CHICAGO (MCT) — The Blackhawks’ first significant roster moves of the summer involved dealing but little in the way of wheeling, which is what happens when all parties decide that things are generally just fine the way they are.
So defenseman Johnny Oduya eschewed free agency for a three-year deal and forward Jamal Mayers re-upped for one year in pacts officially announced Tuesday, basically because both veterans believed there was no place like their current home and the Hawks agreed.
It doesn’t preclude further action from general manager Stan Bowman in the summer trade and free agency markets, as Bowman reiterated that the Hawks are “not going to have the identical team we had last year.” But it preempts a couple of questions down the line.
“I had a good feeling the whole time,” said Oduya, 31, who was a trade deadline acquisition Feb. 27. “Shorter or longer (on the contract) didn’t really make a big difference. I knew I wanted to come back. Even if it wasn’t clear on paper, we felt kind of the same thing. I’m just happy it worked out.”
Bowman labeled Oduya one of the team’s “top priorities” in the offseason after three assists in six games in the first-round postseason ouster against the Coyotes followed a plus-3 rating in 18 games after being acquired from the Jets.
Oduya’s deal averages $3.375 million per year, according to TSN, which represents a slight cut from the $3.5 million he made a year ago.
“We brought Johnny in to try to solidify things down the stretch and he played a big role in the turnaround of our team,” Bowman said. “It was pretty evident his style of hockey complemented our style.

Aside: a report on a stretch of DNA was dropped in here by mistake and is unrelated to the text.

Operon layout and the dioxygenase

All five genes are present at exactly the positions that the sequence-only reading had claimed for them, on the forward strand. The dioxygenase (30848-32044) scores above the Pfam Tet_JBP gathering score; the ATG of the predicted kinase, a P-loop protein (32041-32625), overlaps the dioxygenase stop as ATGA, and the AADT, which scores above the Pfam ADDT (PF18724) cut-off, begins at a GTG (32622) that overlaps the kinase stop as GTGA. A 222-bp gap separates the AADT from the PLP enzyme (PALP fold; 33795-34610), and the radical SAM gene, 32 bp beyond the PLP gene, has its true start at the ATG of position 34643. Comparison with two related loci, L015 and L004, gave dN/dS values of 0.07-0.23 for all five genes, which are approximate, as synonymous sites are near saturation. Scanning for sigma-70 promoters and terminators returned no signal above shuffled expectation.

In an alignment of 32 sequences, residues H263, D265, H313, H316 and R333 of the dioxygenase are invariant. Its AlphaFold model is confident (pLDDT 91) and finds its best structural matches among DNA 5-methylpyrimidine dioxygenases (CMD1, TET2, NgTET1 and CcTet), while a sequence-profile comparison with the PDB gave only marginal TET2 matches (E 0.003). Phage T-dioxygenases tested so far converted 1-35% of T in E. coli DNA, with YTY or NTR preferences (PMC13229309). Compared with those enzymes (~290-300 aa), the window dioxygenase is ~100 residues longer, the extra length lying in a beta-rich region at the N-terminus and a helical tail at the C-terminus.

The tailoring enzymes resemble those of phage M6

“He could have gone anywhere. The fact he wanted to be back, and he also helped us, and accentuated the things we had here, made it a simple decision for us.”
Likewise, the 37-year-old Mayers absorbed a benching in that Coyotes series but decided the fit was too good with the Hawks regardless. He registered six goals, nine assists and a team-high 91 penalty minutes in 81 regular-season games and should continue to fortify the fourth line with a physical presence.
“It’s tough as a competitor, but once you take a step back and take a look at the whole year, I thought it was a good fit, for myself and the Hawks,” Mayers said of being a healthy scratch in Games 3 through 6 versus the Coyotes. “You look at the whole season and try not to look at the way things ended.”
Bowman cast a fairly conservative outlook for the rest of the offseason Tuesday, though. He said he expects improvement from within on the team’s high-priced defense corps. He said the team is “optimistic” Marian Hossa and Steve Montador will recover from concussions to be ready to play in September.
There are holes to fill, but it seems the Hawks remain looking forward by looking inward first.
“You have to be open to trying to improve your team,” Bowman said, “but we approached it like we have in the past: We’ll come up with some players we want to target, we’ll also talk about some things leading into the draft that may materialize, and we’ll kind of take it from there.”
©2012 the Chicago Tribune
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